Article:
Contributed by: John Bush
John and Emma

I am a part of the land that I own …and it has become a part of me. I became a part of the land while growing up. I walked and worked and played on the land …and I listened to the stories told by my parents as they talked of their childhood, teenage, young adult, and then their adult years …as they became a part of the land.

I am a part of my family. I was raised with a respect and love for them and for the land that was so much a part of their lives. I love and respect the unspoiled wonders of nature that lie protected within the boundaries of the land …the unspoiled wonders that were passed on from my family to me.

I am a part of three generations of families who settled here and became a part of the land. Three generations who preserved the land in the face of an ever changing world. I am a part of all these things and I want to be a part also of what has been done by the generations that preceded me.

I have the desire to do what has been done before me …to pass on to the generations that follow that which has been preserved and passed on to me.

When I was growing up on the farm listening to the stories my parents told of their childhood, teenage, and young-adult years, I realized that I was now a part of these stories that were being passed from generation to generation. During those listening years, I developed a love and respect for my family and for the generations that preceded us …and a love and respect for the land that was so much a part of them. I began to realize that each generation had passed on not only love and respect for family …and love and respect for the land, but also a responsibility, a stewardship to preserve the land unspoiled for the generations to come. As time went by, I became  living proof of the old adage that… “Living closely with anyone or anything becomes the place you keep your heart.”  I love my parents and the close relationship that developed between them as they lived and worked and enjoyed life together …while fishing, hunting, trapping, farming, and carrying on the tradition of preserving the land in all that they did.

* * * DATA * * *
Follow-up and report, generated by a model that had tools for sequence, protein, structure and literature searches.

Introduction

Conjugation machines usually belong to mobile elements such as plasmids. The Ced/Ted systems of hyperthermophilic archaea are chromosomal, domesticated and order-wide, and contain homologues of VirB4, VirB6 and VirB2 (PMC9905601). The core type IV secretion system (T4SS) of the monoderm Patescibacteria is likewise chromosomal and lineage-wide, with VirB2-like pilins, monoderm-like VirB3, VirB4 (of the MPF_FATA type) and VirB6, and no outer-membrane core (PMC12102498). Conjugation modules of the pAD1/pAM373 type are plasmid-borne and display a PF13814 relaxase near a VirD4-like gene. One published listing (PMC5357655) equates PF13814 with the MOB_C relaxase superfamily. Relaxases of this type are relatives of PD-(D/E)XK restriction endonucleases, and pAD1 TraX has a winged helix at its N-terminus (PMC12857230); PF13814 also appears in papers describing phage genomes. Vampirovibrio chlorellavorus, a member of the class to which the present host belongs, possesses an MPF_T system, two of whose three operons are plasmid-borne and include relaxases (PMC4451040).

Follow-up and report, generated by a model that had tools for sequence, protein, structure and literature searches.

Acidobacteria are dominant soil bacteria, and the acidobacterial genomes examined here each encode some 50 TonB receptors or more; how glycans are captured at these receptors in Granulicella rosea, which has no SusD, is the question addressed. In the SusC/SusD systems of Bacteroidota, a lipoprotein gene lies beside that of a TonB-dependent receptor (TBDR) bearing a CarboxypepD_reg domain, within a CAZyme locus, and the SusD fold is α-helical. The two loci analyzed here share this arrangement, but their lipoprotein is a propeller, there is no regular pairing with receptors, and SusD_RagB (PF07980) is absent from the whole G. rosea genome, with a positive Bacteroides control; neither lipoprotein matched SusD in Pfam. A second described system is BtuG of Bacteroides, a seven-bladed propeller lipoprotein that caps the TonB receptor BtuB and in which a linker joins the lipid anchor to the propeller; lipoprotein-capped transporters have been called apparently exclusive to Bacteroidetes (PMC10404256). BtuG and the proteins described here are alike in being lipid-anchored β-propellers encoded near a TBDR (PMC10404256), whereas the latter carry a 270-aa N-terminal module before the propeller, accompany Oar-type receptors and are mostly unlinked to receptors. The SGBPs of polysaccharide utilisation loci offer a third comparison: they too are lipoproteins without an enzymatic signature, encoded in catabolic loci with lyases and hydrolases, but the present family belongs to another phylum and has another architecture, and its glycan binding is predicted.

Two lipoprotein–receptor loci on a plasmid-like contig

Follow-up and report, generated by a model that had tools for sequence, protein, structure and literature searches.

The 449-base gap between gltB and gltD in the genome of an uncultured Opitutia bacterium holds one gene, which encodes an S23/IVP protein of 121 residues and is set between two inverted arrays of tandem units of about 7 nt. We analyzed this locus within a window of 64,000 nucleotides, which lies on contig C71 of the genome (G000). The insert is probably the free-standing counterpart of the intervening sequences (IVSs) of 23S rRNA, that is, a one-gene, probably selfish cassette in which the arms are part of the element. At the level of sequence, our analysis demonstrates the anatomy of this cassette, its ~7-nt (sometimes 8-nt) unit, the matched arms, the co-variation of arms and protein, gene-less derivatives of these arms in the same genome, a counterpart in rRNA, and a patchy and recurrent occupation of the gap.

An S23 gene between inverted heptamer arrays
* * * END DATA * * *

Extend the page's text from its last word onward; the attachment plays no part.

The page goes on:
As I grew up and saw two parcels our land sold, divided, and developed, I knew that if I was to honor and preserve the gifts of nature and the gifts from my ancestors, I would have to do something to get in the way of having that ever happen again. I was troubled as I pondered the responsibility that I felt …and then one day, I discovered the Chippewa Watershed Conservancy. Their mission to “set aside land to preserve open spaces” fit perfectly into what I was trying to find.

There are those who raise questions about my decision. Some may question whether or not the 170 acres we own will be of a significant size to make a difference in preserving open space or providing the habitat and range for almost any form of wildlife. And yet, I am reminded of the old saying that… “What a Shame it is that some people do nothing because they could only do a little.”

Unlike some in the world, I don’t see our countryside as a commodity, but rather as a community …where I am some small part of that community with the control of the destiny of the part that I own.

Some people ask questions about the compensation received in exchange for the preservation of the land. My thoughts and feelings about the value of land and the value of preserving all that naturally comes with it, are reflected in the words of Albert Einstein who once spoke about the difficulty of putting a value on certain things. The words that he used were …”Some things that count cannot be counted.” Those words illustrate how I feel about trying to put a value on land that has been preserved for 3 generations …land that has come to me unspoiled …land where the wonders of nature still exist in their delicate balance, protected from all that goes on in the world outside of the protective boundaries of the land.

In closing I am reminded of the teachings of the American Indians who spoke of the land, the very Earth itself, as being “Mother”. Having placed the preservation of the land that is a part of me into the Chippewa Watershed Conservancy, I honor my own mother, and my deceased father, and the generations before me that have preserved the land that was a part of them. I do it with the love and respect that I hold for them all …for my Family and its relationship with the land.

John Bush, of Big Rapids, Michigan, offered the above testimonial. He and his mother, Emma Bush, donated a permanent conservation easement to the Chippewa WatershedConservancy on 92 acres of their land in 2010, and plan to protect additional acreage inthe future.